The second reason for the thirty-eight year delay was that it set the time limit at which the sins of the Amorites would finally fill their cup to overflow, and demand their execution by Israel's descendants. At that time, which was just prior to the present moment of Moses' speech, Israel had travelled along the boundary of Moab without transgressing it, and they had not meddled with the Ammonites, because both these peoples, although their forefathers had been generated in an incestuous manner during their flight from the destruction of Sodom and Gomorrah, were children of Lot, Abraham's brother's son, by Lot's own daughters. Likewise, they were not to assail the Edomites. As a note in Keil and Delitzsch put it, "Whereas the Israelites were not to make war upon the kindred tribes of Edomites, Moabites and Ammonites, or drive them out of the possessions given to them by God; the Lord had given the Amorites, who had forced a way into Gilead and Bashan, into their hands."

God had arranged that a message be sent to Sihon, the Amorite king, with a relatively peaceable and more or less reasonable request, that had been refused. This set the stage for a brief war which had shown all of Canaan unmistakably, what would happen to the rest, should they adopt the attitude displayed by Sihon.

As Keil and Delitzsch word the situation: "If Moses, notwithstanding this (that is, the promise by God to place fear in God's enemies through Israel) sent messengers to king Sihon with words of peace ..., this was done to show the king of the Amorites that it was through his own fault that his kingdom and lands and life were lost. The wish to pass through his land in a peaceable manner was quite seriously expressed; although Moses foresaw, in consequence of the divine communication, that he would reject his proposal, and meet Israel with hostilities. For Sihon's kingdom did not form part of the land of Canaan, which God had promised to the patriarchs for their descendants; and the divine foreknowledge of the hardness of Sihon no more destroyed the freedom of his will to resolve, or the freedom of his actions, than the circumstance that in ver. 30 the unwillingness of Sihon is described as the effect of his being hardened by God Himself. The hardening was quite as much the production of human freedom and guilt, as the consequence of the divine decree; just as in the case of Pharaoh."

In regard to the attitude of the Moabites, by way of contrast, we are informed that when Israel made their request, the Moabites did sell food and water to them. This, however was not given freely, as a donation to assist Israel, in an hospitable way, and thus, as pointed out by Keil and Delitzsch, the reference in chapter 23:4 regarding the statement that "they met you not with bread and water in the way, when ye came forth out of Egypt..." is a valid statement which does not conflict with what we have learned here. Selling for money (the cost might have been quite high), would not be the same as giving them bread and water both for themselves, and for their stock. Verses 25 to 28 read:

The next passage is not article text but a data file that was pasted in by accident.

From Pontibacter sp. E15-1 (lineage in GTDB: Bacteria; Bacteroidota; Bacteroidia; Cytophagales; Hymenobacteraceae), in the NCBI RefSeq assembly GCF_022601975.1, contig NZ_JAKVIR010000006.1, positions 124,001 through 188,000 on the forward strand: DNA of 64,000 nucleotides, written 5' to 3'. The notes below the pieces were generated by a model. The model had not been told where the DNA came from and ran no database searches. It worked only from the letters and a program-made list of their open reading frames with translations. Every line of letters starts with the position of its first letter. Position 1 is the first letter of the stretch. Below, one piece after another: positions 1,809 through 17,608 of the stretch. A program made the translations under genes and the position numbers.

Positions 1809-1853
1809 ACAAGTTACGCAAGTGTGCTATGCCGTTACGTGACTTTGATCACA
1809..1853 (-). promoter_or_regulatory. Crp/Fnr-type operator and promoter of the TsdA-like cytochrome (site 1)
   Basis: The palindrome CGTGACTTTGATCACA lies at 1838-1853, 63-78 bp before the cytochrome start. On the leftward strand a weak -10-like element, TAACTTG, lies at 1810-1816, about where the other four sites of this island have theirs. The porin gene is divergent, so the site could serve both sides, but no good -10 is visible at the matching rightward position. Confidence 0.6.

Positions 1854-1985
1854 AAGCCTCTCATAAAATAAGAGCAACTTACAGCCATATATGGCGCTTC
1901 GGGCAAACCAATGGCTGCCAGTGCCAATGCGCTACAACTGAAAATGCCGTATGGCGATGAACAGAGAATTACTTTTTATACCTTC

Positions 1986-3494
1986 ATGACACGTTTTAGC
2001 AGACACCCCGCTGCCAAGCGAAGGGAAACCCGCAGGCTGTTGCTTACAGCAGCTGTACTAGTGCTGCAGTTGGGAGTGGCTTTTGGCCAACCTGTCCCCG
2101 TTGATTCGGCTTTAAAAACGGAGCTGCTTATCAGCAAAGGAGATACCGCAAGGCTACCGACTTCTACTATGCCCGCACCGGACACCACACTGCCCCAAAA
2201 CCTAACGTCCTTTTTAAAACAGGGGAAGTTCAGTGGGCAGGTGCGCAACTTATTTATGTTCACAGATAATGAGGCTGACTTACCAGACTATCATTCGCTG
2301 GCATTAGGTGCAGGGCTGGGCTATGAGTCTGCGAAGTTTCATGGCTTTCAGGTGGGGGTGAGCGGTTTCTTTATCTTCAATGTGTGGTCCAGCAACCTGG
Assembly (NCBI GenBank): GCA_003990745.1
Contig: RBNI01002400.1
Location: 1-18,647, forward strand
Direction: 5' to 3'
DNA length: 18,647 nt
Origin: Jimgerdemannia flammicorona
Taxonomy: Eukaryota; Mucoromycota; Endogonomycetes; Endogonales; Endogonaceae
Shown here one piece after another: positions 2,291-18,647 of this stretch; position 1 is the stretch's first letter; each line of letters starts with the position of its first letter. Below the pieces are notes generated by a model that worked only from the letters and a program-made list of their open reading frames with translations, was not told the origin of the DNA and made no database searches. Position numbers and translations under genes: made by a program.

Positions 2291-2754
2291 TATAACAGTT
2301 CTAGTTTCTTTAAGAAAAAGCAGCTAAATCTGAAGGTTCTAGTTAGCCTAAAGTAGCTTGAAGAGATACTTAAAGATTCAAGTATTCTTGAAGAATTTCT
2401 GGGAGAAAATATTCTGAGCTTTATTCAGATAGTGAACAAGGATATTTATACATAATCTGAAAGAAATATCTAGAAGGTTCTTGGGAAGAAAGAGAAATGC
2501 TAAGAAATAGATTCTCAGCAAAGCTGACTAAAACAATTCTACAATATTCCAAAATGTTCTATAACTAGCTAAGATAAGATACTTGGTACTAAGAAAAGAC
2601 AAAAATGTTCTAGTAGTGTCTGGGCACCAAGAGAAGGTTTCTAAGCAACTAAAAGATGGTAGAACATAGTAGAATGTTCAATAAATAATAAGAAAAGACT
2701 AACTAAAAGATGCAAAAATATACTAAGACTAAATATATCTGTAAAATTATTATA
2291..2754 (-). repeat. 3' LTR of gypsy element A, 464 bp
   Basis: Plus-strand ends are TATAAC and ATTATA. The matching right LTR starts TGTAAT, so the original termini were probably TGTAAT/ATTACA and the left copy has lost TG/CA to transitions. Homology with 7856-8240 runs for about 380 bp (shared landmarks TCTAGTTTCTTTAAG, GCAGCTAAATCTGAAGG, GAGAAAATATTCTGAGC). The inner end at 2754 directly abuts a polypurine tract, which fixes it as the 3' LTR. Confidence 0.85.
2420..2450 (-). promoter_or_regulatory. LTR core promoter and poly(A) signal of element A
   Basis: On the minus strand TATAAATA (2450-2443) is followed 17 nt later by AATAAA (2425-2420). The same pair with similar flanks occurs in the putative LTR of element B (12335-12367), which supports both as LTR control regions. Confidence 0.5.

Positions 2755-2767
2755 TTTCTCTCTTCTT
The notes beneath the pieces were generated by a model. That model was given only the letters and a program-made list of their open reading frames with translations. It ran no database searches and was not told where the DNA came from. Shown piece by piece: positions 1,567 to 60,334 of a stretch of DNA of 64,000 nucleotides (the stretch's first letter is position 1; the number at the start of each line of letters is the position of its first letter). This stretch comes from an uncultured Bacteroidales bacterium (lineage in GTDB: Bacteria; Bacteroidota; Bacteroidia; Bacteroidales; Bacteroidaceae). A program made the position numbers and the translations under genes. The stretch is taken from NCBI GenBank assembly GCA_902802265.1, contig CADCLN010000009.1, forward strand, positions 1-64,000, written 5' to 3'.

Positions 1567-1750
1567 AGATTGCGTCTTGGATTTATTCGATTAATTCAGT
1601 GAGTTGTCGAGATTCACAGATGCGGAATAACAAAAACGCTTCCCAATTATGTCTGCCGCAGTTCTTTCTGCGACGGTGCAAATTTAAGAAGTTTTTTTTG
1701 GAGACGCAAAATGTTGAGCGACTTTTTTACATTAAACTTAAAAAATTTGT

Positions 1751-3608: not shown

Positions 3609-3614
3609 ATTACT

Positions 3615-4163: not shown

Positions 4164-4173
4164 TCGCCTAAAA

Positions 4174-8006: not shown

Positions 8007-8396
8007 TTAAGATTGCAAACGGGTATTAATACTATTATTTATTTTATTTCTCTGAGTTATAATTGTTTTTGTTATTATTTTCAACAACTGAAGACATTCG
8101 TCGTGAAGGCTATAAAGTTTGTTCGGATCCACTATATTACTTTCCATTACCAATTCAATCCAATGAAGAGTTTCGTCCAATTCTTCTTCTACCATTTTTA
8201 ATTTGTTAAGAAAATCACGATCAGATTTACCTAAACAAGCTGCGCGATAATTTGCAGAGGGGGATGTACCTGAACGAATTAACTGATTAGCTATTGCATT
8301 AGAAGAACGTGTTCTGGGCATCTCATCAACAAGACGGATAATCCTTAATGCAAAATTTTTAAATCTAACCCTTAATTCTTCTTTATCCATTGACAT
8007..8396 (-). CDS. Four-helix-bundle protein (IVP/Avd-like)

25. This day will I begin to put the dread of thee and the fear of thee upon the nations that are under the whole heaven, who shall hear report of thee, and shall tremble, and be in anguish because of thee.
26. And I sent messengers out of the wilderness of Kedemoth unto Sihon king of Heshbon with words of peace, saying,
27. Let me pass through thy land: I will go along by the high way, I will neither turn unto the right hand nor to the left.
28. Thou shalt sell me meat for money, that I may eat; and give me water for money, that I may drink: only I will pass through on my feet;

The Companion Bible notes that Kedemoth (verse 26) was afterwards a Levitical city mentioned in Joshua 13:18 and elsewhere. The New Bible Commentary notes, of the expression "words of peace" that "Whether to Edomite or Amorite, the first message is one of peace." We continue at verse 29:

29. (As the children of Esau which dwell in Seir, and the Moabites which dwell in Ar, did unto me;) until I shall pass over Jordan into the land which the LORD our God giveth us.
30. But Sihon king of Heshbon would not let us pass by him: for the LORD thy God hardened his spirit, and made his heart obstinate, that he might deliver him into thy hand, as appeareth this day.
31. And the LORD said unto me, Behold, I have begun to give Sihon and his land before thee: begin to possess, that thou mayest inherit his land.
32. Then Sihon came out against us, he and all his people, to fight at Jahaz.
33. And the LORD our God delivered him before us; and we smote him, and his sons, and all his people.

Next week we will take up our study of the last of that passage, and continue with the oration by Moses which constitutes this, the fifth Book of the Pentateuch.